Good Words For Good Friday

This Good Friday we take a look at some of the words associated with Easter and Lent. There are a lot of good, old words in the names of various holidays of this season that survive as relics from the language of yore.

The period preceding Easter on the church calendar is Lent. It’s a period of fasting and penitence that encompasses the 40 weekdays from Ash Wednesday to Easter. Lent, or as it was known earlier, Lenten, is from the Old English lencten, which was the name of the season we now call spring. Lencten dates to around 1000 with the religious sense appearing around 1290. Today, only the religious sense survives.

In the days immediately preceding Lent, we celebrate Carnival, a period of wild partying before the deprivations of Lent are imposed. The word dates to 1549 and is from the Italian carnevale, and ultimately from the Latin carnem levare, or the putting away of meat, a reference to the abstention from meat during the subsequent weeks. By 1598, the term had extended to include any period of feasting or revelry. The sense of a fair or circus is American and quite recent, dating to only 1931.

The last day of Carnival is Mardi Gras, which is from the French and literally means fatty or greasy Tuesday, a reference to meat eaten on this day. Its use in English dates to 1699. Its calque is Fat Tuesday.

Another, more pious, name for the day is Shrove Tuesday. This comes from shrive, meaning to impose penance and often extended to include confession and absolution. Shrove is from the Old English scrífan and dates to before 776

Following the riotous celebrations of Mardi Gras, we have Ash Wednesday, a term that dates to 1297. The name comes from the Roman Catholic custom of anointing the heads of penitents with ashes on this day. Ash is from the Old English asce, a word that has cognates in many Germanic languages.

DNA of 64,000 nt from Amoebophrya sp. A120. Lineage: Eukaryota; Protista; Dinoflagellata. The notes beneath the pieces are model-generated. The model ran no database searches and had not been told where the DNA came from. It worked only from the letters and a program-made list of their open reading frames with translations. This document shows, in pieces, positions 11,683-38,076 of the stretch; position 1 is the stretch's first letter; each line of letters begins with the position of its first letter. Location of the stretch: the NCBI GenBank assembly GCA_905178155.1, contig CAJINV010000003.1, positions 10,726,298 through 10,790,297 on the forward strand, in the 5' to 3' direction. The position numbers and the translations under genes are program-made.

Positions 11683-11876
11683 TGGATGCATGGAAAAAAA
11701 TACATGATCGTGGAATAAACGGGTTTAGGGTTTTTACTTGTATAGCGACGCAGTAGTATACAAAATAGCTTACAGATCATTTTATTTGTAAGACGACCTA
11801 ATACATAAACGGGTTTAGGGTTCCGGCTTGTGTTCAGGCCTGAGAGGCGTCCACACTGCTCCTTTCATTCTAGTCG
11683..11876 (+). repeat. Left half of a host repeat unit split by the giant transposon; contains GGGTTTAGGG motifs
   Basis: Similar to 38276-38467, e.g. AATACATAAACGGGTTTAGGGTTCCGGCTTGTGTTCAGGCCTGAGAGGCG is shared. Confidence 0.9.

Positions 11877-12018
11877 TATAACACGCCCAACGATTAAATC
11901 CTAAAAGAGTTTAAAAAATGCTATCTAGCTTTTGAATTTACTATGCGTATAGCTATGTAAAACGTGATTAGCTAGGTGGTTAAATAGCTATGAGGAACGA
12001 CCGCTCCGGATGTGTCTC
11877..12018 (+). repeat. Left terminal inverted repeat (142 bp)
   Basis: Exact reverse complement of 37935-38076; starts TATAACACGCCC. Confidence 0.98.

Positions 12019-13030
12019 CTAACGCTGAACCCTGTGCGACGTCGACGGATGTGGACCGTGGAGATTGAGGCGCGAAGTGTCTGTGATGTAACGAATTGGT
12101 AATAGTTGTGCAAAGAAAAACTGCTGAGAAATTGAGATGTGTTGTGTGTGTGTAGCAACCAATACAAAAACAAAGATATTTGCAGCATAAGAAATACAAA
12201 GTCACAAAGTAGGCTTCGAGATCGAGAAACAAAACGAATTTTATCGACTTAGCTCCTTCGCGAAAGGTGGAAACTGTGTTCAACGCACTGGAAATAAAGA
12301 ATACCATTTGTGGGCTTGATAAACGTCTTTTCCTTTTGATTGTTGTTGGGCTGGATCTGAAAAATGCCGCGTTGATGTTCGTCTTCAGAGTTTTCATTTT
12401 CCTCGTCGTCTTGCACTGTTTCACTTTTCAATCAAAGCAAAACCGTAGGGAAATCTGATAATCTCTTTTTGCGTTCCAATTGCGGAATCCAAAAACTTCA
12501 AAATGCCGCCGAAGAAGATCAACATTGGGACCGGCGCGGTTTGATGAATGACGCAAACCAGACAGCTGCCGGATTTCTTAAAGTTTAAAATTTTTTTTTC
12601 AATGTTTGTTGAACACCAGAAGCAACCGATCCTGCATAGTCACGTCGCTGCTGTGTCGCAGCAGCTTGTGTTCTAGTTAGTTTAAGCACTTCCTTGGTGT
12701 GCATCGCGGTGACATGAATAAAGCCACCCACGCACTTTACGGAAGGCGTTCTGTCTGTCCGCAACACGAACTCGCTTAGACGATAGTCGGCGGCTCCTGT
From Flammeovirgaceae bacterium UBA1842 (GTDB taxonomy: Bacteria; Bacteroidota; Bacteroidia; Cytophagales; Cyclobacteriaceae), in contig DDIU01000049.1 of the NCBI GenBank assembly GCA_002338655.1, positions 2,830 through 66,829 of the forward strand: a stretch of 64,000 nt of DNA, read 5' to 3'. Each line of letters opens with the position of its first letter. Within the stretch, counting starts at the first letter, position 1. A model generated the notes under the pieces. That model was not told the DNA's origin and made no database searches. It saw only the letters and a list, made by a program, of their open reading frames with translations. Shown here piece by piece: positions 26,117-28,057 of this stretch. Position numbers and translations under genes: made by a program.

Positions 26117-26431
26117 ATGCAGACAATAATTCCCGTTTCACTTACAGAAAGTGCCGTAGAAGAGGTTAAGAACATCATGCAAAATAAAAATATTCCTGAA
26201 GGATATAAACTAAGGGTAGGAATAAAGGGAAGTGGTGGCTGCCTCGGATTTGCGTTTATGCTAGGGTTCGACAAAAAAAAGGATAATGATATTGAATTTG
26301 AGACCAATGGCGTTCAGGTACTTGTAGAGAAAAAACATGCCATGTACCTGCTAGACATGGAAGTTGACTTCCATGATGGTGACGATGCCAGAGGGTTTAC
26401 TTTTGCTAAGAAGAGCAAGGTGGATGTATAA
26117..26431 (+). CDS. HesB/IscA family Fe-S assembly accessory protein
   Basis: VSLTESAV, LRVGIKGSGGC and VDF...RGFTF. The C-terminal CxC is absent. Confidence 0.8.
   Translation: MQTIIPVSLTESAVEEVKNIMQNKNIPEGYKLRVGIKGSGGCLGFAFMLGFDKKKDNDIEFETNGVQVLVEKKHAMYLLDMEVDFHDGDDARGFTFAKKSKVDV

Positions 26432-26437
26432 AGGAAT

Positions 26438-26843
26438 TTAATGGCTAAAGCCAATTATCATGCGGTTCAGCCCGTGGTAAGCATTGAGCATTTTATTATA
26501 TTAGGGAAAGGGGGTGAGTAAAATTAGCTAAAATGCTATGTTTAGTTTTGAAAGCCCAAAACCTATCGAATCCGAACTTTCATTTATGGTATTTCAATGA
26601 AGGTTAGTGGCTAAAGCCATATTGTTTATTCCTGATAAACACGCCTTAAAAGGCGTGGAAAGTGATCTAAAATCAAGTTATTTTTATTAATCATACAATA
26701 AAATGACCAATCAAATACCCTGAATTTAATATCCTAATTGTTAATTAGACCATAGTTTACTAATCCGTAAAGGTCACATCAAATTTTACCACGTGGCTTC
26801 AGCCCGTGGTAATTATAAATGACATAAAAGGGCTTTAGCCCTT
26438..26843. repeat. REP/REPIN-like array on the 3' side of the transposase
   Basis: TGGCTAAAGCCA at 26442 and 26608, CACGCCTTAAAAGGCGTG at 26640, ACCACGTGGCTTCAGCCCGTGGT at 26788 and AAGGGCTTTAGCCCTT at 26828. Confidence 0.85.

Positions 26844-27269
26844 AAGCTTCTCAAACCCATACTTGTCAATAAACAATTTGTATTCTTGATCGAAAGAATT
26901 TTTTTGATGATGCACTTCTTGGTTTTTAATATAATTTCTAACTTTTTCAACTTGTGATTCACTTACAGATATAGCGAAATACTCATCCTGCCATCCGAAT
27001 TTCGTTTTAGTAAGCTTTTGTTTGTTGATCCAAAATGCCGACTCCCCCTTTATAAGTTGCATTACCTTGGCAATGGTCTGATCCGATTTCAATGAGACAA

At the other end of Lent we have Holy Week, which begins with Palm Sunday, which commemorates Christ’s triumphal entry into Jerusalem. On that day crowds laid a path of palms at his feet. The name Palm Sunday also extends back to Old English, palmsunnandæg. In addition to laying palm branches at his feet, the crowds also shouted hosanna, a term from Hebrew that appears in Hebrew liturgy and is used as an appeal for deliverance or salvation. So, by shouting hosanna, the crowds were recognizing Christ as the Messiah.

The Thursday of Holy Week is known as Maundy Thursday, and on this day Christ’s Last Supper and betrayal in the Garden of Gethsemane are commemorated. Maundy, an odd word to the modern ear, dates to 1325 and is from the Anglo-Norman mandet, and ultimately from the Latin mandatum or mandate. This is shortened from mandatum novum or new commandment. The Maundy ceremony is a ritual of washing the feet of the poor by royals or clergy and the attendant distribution of alms. The ritual commemorates Christ’s washing of the disciples’ feet prior to the Last Supper.

The next day is Good Friday, which has been called that since around 1290. Since this day is the commemoration of Christ’s crucifixion, some ask why it is called good. The good in the name is from a specific usage of that word to denote holy in the names of dates. Good Friday is the only day the Roman Catholic church does not celebrate Mass, although the Eucharist can be administered if it was blessed the day before.

Finally, we come to Easter, the celebration of Christ’s resurrection. The word is from the Old English éastre and dates to around 890. Ironically for this most holy of Christian holidays, the name comes from Eostre, a pagan goddess of the dawn, whose festival fell on the vernal equinox.

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